S: If I never made images..?

B: Yes. Never made any image at all no matter what my father did.

K: I think this is very important.

S: That is the question.

B: Maybe the child can't do it, but suppose he can... K: I am not at all sure...

B: Perhaps he can, but I am saying under ordinary conditions he doesn't manage to do it.

S: You are suggesting that the child already has an image that he has been hurt.

K: Ah, no, no. I don't know. We are asking.

B: But suppose there was a child who made no image of himself.

S: OK. Let's assume he has no image.

B: Then he cannot get hurt.

K: He can't be hurt. S: There I think you are in very hot water psychologically because a child...

K: No, we said "suppose".

B: Not the actual child - but suppose there was a child who didn't make an image of himself so he didn't depend on that image for everything. The child you talked about depended on the image that his father loved him.

S: That's right.

B: And therefore when his father doesn't love him, everything has gone, right?

S: Right.

B: Therefore he is hurt. But if he has no image that he must have his father love him, then he will just watch his father.

S: But let's look at it a little more pragmatically. Here is the child and he is actually hurt.

B: He can't be hurt without the image. Who is going to get hurt?

K: It is like putting a pin into the air.

S: Now wait a minute, I am not going to let you guys get away with this! Here you have got this child vulnerable in the sense that needs psychological support. He has enormous tensions.

K: Sir, agreed to all that. Such a child has an image.

S: No, no image. He is simply not being biologically supported.

K: No. No.

B: Well, he may make an image of the fact that he is not biologically supported. You have to get the difference between the actual fact of what happens biologically and what he thinks of it. Right? Now I have seen a child sometimes drop suddenly, he really goes to pieces, not because he was dropped very far but because that sense of...

K: Loss, insecurity.

B: ...insecurity, because his mother was gone. It seemed as if everything had gone, right? And he was totally disorganized and screaming, but he dropped only about this far, you see. But the point is he had an image of the kind of security he was going to get from his mother. Right? S: That is the way the nervous system works.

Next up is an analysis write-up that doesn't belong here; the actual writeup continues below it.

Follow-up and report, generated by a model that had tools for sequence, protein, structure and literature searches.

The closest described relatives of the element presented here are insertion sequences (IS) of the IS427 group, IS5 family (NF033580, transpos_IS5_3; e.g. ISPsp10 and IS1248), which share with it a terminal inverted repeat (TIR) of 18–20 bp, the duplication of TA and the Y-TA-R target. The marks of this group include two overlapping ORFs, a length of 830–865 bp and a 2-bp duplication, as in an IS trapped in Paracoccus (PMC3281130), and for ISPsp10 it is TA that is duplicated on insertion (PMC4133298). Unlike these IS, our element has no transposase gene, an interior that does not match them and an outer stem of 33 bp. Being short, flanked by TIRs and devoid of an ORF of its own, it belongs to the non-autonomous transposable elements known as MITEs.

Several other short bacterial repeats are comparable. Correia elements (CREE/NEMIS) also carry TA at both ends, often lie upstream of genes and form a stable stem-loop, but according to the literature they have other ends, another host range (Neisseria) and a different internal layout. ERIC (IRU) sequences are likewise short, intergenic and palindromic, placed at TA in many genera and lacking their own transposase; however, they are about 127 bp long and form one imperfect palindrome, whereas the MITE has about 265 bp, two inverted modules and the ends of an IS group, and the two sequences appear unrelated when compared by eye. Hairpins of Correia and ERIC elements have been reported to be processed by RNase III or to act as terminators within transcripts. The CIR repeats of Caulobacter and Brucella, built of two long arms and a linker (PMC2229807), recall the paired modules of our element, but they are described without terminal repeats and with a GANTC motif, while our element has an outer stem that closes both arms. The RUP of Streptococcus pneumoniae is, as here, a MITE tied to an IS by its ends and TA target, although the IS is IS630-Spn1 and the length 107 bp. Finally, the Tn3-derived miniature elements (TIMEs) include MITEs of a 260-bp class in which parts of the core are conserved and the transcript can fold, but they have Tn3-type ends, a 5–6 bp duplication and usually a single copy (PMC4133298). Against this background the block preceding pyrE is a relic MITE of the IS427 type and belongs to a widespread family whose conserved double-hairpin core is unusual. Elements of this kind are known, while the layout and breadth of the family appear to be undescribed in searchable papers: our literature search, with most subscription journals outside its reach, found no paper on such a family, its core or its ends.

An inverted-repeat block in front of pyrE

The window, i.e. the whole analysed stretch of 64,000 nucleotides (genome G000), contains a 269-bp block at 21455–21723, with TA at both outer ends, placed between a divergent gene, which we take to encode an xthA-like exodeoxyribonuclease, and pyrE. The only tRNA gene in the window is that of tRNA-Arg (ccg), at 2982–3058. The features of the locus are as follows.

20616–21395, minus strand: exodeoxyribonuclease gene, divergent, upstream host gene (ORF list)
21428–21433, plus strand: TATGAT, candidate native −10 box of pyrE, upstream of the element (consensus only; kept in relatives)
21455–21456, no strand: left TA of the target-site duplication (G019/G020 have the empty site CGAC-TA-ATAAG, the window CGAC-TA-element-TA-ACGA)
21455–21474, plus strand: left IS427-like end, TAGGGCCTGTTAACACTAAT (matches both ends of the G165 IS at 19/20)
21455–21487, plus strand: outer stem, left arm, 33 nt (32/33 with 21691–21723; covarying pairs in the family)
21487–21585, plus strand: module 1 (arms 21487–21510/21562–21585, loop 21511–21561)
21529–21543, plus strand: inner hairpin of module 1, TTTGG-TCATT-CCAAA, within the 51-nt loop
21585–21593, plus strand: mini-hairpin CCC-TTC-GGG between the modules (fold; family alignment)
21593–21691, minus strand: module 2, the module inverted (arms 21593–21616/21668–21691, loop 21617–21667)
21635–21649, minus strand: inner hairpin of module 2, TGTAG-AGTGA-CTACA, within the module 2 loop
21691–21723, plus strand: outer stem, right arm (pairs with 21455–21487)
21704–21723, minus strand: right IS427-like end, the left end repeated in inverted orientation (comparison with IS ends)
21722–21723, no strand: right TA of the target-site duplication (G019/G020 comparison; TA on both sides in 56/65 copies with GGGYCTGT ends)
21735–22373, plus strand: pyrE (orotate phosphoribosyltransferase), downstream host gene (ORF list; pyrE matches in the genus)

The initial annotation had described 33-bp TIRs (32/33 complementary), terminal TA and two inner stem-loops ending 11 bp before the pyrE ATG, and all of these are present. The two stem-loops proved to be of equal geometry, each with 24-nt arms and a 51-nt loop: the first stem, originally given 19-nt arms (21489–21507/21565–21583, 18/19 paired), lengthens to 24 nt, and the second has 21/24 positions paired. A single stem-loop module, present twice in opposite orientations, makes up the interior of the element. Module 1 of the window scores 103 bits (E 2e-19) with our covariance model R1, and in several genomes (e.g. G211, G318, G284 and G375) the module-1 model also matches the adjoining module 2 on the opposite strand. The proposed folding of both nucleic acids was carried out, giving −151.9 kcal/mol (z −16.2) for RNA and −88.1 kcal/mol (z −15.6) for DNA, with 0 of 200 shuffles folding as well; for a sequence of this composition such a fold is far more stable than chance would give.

B: Well, that is the question - Is it necessary to work that way? Or is this the result of conditioning?

K: This is an important question.

S: Oh, terribly important.

K: Because whether in America or in this country, children are running away from their parents. The parents seem to have no control over them. They don't obey, they don't listen. They are wild. And the parents feel terribly hurt. I saw on TV what is happening in America. One woman was in tears. She said, "I am his mother he doesn't treat me as a mother, he just orders me about." He had run away half a dozen times. And this separation between parents and children is growing all over the world. They have no relationship between themselves, between each other. So what is the cause of all this, apart from sociological, economic pressures which made the mother go out to work and leave the child alone - we take that for granted - but much deeper than that? Is it that the parents have an image about themselves and insist on creating an image in the children?

S: I see what you are saying.

K: And the child refuses to have that image - he has his own image. So the battle is on.

S: That is very much what I was saying when I said that initially the hurt of the child...

K: We haven't come to the hurt yet.

S: Well, what is in that initial relationship between child...

K: I doubt if they have any relationship. That is what I am trying to get at.

S: I agree with you. There is something wrong with the relationship.

K: Have they a relationship at all? Look, young people get married, or they don't get married. They have a child by mistake, or intentionally, but young people are children themselves; they haven't understood the universe, cosmos or chaos - they just have this child.

S: That's right. That is what happens. K: And they play with it for a year or two and then say, "For God's sake, I am fed up with this child", and look elsewhere. And the child feels left, lost.

S: That's right.

K: And he needs security, from the beginning he needs security.

S: Right.

K: Which the parents do not give, or are incapable of giving - psychological security, the sense of "You are my child, I love you, I'll look after you, I'll see that throughout life you will behave properly". They haven't got that feeling. They are bored with it after a couple of years.